Development of doctrine is a people that walks together
By Sergio Centofanti
Two thousand years of history teach us that the development of doctrine in the Church is a people that journeys together. Journeying through the ages, the Church sees and learns new things, always growing deeper in her understanding of the Faith. During this journey, there are sometimes people who stop along the way, others who run too quickly, and yet others who take a different path.
Benedict XVI: the Church’s teaching authority cannot be frozen
In this regard, the words of Benedict XVI – in a Letter written in 2009 on the occasion of the remission of the excommunication of the four bishops illicitly consecrated by Archbishop Marcel Lefebvre, the founder of the Society of Saint Pius X – are significant:
“The Church’s teaching authority cannot be frozen in the year 1962 – this must be quite clear to the Society. But some of those who put themselves forward as great defenders of the Council also need to be reminded that Vatican II embraces the entire doctrinal history of the Church. Anyone who wishes to be obedient to the Council has to accept the faith professed over the centuries, and cannot sever the roots from which the tree draws its life".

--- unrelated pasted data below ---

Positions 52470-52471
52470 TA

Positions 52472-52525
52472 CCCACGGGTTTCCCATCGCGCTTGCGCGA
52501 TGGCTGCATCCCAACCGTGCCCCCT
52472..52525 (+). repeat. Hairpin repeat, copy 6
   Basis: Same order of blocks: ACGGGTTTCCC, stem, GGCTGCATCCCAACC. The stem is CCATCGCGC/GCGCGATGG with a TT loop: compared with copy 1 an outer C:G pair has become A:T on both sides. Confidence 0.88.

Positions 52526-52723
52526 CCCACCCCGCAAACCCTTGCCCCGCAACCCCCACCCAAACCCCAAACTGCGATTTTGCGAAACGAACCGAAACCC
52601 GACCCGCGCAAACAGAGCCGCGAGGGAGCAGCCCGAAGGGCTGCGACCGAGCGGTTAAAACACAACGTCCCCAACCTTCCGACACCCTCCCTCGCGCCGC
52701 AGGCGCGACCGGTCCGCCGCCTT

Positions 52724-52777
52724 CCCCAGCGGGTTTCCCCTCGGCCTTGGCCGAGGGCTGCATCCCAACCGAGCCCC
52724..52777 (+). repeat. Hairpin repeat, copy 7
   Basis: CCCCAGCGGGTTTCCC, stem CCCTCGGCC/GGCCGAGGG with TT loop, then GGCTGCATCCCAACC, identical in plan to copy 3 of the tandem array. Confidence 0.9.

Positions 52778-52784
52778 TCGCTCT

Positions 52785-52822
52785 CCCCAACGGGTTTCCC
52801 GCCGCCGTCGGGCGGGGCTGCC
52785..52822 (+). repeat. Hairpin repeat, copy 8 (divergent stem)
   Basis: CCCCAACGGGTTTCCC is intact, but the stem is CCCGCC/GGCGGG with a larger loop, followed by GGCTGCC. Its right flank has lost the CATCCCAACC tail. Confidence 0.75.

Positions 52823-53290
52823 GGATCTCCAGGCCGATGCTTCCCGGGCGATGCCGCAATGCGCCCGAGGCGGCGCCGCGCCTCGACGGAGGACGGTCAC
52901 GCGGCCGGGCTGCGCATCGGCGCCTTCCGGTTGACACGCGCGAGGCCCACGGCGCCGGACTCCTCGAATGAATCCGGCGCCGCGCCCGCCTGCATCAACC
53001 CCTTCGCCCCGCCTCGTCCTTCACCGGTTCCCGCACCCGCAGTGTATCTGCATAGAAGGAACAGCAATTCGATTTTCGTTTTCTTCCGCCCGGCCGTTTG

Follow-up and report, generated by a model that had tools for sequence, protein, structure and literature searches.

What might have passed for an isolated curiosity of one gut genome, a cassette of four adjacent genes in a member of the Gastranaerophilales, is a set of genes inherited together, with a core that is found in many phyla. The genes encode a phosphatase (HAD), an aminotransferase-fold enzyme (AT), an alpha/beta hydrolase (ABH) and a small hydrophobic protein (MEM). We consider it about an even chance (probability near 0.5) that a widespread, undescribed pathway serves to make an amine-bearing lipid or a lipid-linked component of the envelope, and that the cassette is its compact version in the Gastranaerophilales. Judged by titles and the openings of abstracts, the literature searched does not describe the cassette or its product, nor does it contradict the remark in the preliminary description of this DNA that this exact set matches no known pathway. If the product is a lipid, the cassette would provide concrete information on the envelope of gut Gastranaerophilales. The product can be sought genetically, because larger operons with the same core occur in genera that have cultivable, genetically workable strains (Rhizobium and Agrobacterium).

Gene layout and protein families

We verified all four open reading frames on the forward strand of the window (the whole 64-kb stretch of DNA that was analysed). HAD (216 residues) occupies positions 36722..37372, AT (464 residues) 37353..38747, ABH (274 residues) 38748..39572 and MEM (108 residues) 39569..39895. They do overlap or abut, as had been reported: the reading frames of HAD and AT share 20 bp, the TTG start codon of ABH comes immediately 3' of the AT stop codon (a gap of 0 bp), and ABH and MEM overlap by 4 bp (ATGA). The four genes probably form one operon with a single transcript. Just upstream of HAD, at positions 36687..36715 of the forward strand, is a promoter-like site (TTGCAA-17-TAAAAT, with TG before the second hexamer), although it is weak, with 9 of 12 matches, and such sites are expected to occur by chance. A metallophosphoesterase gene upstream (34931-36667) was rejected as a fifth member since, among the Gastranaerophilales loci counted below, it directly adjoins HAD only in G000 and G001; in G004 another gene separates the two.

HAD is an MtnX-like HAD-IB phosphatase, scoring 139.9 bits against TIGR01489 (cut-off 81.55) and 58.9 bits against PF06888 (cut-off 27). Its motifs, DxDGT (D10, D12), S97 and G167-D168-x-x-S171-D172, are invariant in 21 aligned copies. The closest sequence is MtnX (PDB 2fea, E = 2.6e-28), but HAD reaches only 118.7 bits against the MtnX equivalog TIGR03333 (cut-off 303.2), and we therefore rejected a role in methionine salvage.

Drawing together new things and old
Two elements must be considered: not freezing the Magisterium in a given age; and at the same time remaining faithful to Tradition. As Jesus says in the Gospel: “Therefore every scribe who has been trained for the kingdom of heaven is like a householder who brings out of his treasure what is new and what is old” (Mt 13:52). We cannot simply cling to old things, nor can we simply welcome new things, separating them from the old.
Not stopping at the letter, but allowing oneself to be guided by the Spirit
It is necessary to understand when a development of doctrine is faithful to tradition. The history of the Church teaches us that it is necessary to follow the Spirit, rather than the strict letter. In fact, if one is looking for non-contradiction between texts and documents, they’re likely to hit a roadblock. The point of reference is not a written text, but the people who walk together. As we read in the Catechism of the Catholic Church: